Drones can be used to do a lot of good, such as finding a lost child in the woods or helping farmers monitor crops, but the federal government must create rules to ensure they operate safely, U.S. Sen. Susan Collins told federal officials at a hearing Wednesday.

Regulators must strike a balance between legitimate uses by responsible drone owners and “dangerous intrusions caused by irresponsible operators,” Collins said at the hearing on drones held by the Senate Transportation, Housing and Urban Development Appropriations Subcommittee.

The drone industry in the United States has seen explosive growth, with an estimated 700,000 drones currently in operation and another million expected to be sold this holiday season. The Federal Aviation Administration is working to establish new rules for drone operators by June 2016.

While groups representing pilots have fought for stricter rules for drones, the FAA has been viewed by many in the industry as too risk-averse.

The lack of a regulatory framework could slow development of a domestic drone manufacturing industry, which internationally is expected to grow from $4 billion to $14 billion annually over the next decade.

Collins, R-Maine, will play a key role on the issue because she is chairwoman of the Appropriations Committee’s Subcommittee on Transportation, Housing and Urban Development, one of two Senate panels with jurisdiction over new drone rules. The other is the Senate Commerce, Science and Transportation Committee.

Wednesday’s hearing focused on safety. Nobody from the industry was invited to speak.

Collins said she is particularly worried about “rogue” drones that could interfere with aircraft.

According to the FAA, there were 764 possible encounters with unmanned aircraft reported by pilots or airport personnel from November 2014 to August 2015.

One of those encounters occurred in Maine. On March 24, a radio-controlled helicopter about 8 inches long was found at the intersection of taxiways at the Portland International Jetport, according to the FAA. The drone was sitting upright and facing the runway.

The “massive” growth of the drone industry has outpaced the FAA’s ability to regulate it, Tim Canoll, president of the Air Line Pilots Association, told the committee.

He said drones are ruggedly built and carry multiple on-board cameras and batteries made of hard metal. A drone’s density is significantly greater than that of a bird, and a collision could damage windscreens and engines. He said the FAA needs to study the level of damage drones could cause should they collide with an aircraft.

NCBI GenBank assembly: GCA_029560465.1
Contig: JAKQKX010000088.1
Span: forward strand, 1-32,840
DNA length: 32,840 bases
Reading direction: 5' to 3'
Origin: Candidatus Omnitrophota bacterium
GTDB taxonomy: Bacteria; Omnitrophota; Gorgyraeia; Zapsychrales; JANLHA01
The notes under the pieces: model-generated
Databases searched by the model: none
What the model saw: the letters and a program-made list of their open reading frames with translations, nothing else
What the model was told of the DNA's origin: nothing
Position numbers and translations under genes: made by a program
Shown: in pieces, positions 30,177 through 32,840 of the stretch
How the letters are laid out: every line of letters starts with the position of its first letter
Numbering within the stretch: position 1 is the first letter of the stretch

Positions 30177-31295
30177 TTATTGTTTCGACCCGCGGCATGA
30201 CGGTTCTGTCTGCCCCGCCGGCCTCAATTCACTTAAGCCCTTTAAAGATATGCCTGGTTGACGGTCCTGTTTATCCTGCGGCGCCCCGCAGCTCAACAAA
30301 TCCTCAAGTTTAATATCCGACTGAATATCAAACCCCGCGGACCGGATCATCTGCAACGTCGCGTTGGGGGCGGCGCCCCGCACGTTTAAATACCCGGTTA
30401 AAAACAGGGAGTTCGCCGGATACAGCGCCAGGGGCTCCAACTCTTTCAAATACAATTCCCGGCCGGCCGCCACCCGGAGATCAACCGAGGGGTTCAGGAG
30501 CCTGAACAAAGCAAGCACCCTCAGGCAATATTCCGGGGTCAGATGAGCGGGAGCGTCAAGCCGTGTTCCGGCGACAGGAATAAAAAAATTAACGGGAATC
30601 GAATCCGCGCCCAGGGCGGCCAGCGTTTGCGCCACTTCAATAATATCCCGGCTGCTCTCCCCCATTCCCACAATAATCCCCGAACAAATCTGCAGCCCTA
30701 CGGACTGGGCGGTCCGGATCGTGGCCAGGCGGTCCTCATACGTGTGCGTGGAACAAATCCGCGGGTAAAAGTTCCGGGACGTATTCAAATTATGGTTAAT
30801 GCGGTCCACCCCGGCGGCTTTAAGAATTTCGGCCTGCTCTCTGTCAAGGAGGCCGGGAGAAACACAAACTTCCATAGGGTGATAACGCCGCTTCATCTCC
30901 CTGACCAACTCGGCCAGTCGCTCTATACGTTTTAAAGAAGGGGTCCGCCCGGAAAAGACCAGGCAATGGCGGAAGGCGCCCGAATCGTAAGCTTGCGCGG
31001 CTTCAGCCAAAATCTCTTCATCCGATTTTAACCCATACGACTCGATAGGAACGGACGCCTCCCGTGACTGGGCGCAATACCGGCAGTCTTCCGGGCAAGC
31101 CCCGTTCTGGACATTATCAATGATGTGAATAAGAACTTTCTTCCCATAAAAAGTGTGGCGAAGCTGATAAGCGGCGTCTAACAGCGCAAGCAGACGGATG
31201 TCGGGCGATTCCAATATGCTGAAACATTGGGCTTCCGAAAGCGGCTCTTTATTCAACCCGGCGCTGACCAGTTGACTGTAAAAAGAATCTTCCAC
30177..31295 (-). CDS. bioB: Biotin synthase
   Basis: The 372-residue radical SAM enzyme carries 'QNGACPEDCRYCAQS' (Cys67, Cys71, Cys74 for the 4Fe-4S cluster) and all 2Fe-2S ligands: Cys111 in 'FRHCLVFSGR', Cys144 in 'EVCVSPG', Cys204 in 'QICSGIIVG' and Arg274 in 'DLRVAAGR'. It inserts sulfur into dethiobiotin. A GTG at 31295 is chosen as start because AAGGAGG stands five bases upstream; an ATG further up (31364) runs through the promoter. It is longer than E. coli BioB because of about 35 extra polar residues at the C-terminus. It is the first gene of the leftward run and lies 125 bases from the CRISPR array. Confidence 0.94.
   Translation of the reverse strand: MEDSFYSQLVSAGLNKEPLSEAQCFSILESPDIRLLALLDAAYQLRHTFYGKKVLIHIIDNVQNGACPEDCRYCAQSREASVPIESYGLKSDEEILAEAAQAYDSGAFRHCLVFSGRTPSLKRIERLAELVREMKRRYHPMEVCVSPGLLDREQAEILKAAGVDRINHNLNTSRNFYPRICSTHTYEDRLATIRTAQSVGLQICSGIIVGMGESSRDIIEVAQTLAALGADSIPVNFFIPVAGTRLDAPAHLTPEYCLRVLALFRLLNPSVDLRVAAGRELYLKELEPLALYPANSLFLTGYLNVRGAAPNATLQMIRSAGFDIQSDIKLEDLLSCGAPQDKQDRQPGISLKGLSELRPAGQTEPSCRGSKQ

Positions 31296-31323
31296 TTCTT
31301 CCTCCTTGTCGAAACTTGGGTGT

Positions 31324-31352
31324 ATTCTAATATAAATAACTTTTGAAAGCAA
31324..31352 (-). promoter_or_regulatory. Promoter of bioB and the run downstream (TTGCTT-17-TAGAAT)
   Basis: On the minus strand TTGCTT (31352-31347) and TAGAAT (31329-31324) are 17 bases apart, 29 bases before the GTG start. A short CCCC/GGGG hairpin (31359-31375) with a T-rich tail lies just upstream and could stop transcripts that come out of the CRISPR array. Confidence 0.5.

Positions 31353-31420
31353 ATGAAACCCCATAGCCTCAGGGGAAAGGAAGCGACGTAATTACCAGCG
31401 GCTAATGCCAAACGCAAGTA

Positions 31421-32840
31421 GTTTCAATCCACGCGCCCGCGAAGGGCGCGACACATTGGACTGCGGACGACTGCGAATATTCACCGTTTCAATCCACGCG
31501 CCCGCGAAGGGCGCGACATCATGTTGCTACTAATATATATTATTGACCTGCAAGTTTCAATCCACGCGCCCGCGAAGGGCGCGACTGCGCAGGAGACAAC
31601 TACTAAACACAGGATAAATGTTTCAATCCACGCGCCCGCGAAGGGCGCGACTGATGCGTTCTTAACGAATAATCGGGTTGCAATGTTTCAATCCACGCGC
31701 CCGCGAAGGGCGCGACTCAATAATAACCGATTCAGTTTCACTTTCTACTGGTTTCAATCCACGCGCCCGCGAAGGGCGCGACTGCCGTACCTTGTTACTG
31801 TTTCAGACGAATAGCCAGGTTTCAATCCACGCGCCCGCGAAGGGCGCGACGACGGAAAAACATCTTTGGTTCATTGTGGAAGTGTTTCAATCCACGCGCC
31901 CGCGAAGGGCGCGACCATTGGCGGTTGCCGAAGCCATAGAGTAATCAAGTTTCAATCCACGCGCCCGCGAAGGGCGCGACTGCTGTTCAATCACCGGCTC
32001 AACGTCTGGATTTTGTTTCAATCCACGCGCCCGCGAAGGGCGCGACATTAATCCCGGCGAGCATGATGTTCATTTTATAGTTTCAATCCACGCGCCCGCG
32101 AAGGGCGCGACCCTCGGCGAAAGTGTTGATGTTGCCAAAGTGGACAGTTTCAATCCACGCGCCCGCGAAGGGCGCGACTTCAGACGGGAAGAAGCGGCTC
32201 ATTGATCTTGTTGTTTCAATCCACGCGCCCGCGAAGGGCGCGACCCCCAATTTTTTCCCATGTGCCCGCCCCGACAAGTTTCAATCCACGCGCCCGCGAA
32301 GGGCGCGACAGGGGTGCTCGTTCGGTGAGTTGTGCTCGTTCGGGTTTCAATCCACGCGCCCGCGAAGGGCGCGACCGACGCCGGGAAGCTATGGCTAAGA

Until solutions are developed, no unmanned aircraft should be allowed unrestricted access to the nation’s air space unless the operator meets the same standards as a licensed pilot, Canoll said.


Drones are creating a level of public interest in aviation the world hasn’t seen since the Wright brothers in 1903 proved that people could build machines that fly, said Michael Huerta, administrator of the FAA.

The crux of the problem is the casual user who flies drones for recreation, he told the committee.

Drones are a new class of aircraft that have allowed a “new class of pilot” to take to the skies, Huerta said.

“The vast majority of these operators do not have the basic aviation training or experience required for pilots of traditional aircraft,” he said. “They have no knowledge that they may be flying in controlled airspace. Some may have no recognition that their actions could have serious consequences. They are simply having fun with a toy.”

He said the FAA wants to integrate drones and their operators into the national air space. Because the industry is evolving so quickly, he said, the regulatory framework must be flexible enough to respond to new technologies.

“Our goal is to provide the basic rules for operators, not identify specific technological solutions that could quickly become outdated,” he said.

The FAA last week created a task force charged with developing proposals for the registration of drones. The registration process will help build a culture of accountability and responsibility, especially for new users, Huerta said.

“This culture of accountability and responsibility will in turn help create space for the creativity, innovation and exploration that will drive this industry forward in the years and decades ahead,” he said.

The FAA currently prohibits drones from being flown for commercial purposes without a waiver. The FAA has so far granted more than 1,300 waivers nationally.

Recreational drones, which weigh less than 55 pounds, must be flown within the operator’s field of vision and below 400 feet. Drones and model aircraft are prohibited from flying within 5 miles of an airport without first obtaining permission from the control tower.

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